Go to a dance photoshoot open-minded
This tip might not be as exciting as a burst mode, or any of the previous tips, but it’s crucial if you want to become a better dance photographer.
Most of the time we see these gorgeous images of professional ballet and contemporary dancers, whether it’s online, or on large posters in the city centre advertising a new performance by The Royal Ballet (or any other famous dance company). Unfortunately, because we are exposed to such professional-level ballet dancers beautifully captured by world’s top photographers, that’s the level or the style that many photographers expect dancers to perform at.
The reality is, as a dance photographer you don’t always work with industry professionals, but also aspiring dancers, or pro dancers specialising in different styles. I often see photographers looking for just ballet dancers, when there are so many different dance styles out there! Jazz, tap, modern, commercial, hip-hop, dancehall, voguing, salsa, krumping, break dance, popping, locking, waaking, house dance…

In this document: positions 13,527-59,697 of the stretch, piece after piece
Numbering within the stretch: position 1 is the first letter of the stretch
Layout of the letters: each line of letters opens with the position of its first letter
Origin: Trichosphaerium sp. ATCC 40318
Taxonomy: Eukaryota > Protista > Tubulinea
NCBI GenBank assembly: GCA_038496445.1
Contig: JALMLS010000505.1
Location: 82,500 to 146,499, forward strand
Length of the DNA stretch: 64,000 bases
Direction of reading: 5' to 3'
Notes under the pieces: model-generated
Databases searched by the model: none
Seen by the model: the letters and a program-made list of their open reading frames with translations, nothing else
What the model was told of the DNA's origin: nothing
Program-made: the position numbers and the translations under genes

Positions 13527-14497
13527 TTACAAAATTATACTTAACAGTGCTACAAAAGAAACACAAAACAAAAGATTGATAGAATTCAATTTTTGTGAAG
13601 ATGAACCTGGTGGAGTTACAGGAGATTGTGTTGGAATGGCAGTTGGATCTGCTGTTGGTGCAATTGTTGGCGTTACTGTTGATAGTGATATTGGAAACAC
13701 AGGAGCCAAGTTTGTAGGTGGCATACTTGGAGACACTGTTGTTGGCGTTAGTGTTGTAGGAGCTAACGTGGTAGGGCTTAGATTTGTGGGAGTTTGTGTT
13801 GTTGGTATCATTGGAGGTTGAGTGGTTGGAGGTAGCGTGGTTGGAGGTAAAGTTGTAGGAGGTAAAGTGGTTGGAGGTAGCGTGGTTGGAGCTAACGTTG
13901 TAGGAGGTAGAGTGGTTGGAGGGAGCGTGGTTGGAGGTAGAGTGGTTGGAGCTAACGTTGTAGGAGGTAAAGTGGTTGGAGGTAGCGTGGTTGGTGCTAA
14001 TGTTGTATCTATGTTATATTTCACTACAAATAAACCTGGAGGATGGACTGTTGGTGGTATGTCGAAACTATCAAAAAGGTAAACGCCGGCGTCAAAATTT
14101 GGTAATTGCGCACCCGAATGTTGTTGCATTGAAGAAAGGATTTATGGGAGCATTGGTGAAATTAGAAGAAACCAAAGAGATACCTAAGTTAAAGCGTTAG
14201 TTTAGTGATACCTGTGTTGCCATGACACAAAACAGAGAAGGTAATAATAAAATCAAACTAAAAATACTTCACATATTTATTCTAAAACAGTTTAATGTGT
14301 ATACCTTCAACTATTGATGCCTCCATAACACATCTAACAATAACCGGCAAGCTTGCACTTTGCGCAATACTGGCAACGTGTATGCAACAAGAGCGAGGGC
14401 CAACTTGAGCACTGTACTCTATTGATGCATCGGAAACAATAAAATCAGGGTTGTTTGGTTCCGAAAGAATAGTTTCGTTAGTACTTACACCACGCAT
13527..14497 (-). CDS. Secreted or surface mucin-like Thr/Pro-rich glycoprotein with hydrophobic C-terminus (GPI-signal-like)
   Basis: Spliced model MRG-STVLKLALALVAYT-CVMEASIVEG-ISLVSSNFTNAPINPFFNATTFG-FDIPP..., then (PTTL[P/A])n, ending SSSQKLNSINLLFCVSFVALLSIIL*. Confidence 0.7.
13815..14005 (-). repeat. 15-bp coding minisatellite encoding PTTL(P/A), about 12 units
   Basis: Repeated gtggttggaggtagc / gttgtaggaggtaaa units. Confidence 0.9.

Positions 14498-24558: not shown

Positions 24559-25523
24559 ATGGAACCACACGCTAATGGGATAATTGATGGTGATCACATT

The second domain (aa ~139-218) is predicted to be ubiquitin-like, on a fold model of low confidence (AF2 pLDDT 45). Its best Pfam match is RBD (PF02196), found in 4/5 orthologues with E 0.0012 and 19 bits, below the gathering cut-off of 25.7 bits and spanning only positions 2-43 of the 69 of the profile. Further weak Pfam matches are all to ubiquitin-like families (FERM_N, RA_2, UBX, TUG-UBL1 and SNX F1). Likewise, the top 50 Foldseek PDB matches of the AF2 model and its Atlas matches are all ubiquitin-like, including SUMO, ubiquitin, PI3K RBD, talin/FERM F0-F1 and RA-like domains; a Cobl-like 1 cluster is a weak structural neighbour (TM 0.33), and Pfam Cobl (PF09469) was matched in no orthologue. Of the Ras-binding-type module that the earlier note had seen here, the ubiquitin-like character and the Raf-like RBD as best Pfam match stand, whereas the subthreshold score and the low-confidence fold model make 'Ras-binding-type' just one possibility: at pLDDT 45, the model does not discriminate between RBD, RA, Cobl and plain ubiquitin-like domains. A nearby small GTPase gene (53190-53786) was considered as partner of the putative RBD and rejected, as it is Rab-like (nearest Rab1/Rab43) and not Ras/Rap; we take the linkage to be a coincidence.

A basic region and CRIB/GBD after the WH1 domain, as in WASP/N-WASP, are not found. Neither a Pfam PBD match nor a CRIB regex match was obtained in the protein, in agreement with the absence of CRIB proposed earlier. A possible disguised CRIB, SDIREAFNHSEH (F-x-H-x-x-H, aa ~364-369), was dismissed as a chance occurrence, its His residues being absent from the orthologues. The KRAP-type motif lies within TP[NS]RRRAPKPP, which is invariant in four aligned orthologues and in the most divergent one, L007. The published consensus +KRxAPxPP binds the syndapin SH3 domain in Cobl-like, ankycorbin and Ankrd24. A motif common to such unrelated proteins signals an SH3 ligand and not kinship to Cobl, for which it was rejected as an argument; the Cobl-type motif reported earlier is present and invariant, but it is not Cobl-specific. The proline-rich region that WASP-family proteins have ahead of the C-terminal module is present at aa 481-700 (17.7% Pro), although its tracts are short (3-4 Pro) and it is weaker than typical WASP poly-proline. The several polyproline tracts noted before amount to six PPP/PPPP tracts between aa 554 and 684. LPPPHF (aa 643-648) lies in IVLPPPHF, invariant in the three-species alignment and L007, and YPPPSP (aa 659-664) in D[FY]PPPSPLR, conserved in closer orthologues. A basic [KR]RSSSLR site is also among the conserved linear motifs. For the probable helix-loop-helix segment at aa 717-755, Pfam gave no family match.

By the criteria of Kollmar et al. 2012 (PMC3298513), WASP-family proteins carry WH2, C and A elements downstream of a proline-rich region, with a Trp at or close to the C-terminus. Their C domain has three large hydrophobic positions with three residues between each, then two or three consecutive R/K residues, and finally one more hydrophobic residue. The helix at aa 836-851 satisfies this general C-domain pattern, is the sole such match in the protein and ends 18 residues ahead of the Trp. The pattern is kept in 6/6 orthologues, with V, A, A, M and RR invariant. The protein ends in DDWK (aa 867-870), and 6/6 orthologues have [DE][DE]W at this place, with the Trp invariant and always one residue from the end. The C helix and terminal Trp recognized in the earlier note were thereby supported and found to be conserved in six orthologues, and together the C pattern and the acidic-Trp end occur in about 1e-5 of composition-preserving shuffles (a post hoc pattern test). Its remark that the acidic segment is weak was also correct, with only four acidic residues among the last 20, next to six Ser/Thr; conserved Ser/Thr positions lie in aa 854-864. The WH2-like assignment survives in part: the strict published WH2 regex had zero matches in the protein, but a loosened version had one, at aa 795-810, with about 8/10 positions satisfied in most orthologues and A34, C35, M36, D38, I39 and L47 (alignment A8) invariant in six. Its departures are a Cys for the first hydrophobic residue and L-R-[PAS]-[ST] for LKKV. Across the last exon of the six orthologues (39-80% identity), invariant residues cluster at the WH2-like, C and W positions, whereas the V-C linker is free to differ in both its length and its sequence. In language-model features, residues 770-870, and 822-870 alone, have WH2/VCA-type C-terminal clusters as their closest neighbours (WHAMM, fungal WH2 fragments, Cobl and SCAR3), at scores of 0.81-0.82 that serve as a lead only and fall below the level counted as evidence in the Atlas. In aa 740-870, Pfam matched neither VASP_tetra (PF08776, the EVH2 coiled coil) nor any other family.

Remember, not every dancer is a professional-level performer – don’t expect every dancer you photograph to be able to do jump splits or crazy gymnastic extensions. Everyone is at a different stage of their dance journey, and every dancer’s physical capabilities are unique.
God, I could talk about dance and dance photography for ages! Thanks for checking out this week’s post, and I hope you found it useful. Please let me know if you have any questions on how to become a better dance photographer in the comment section below.
Until the next week!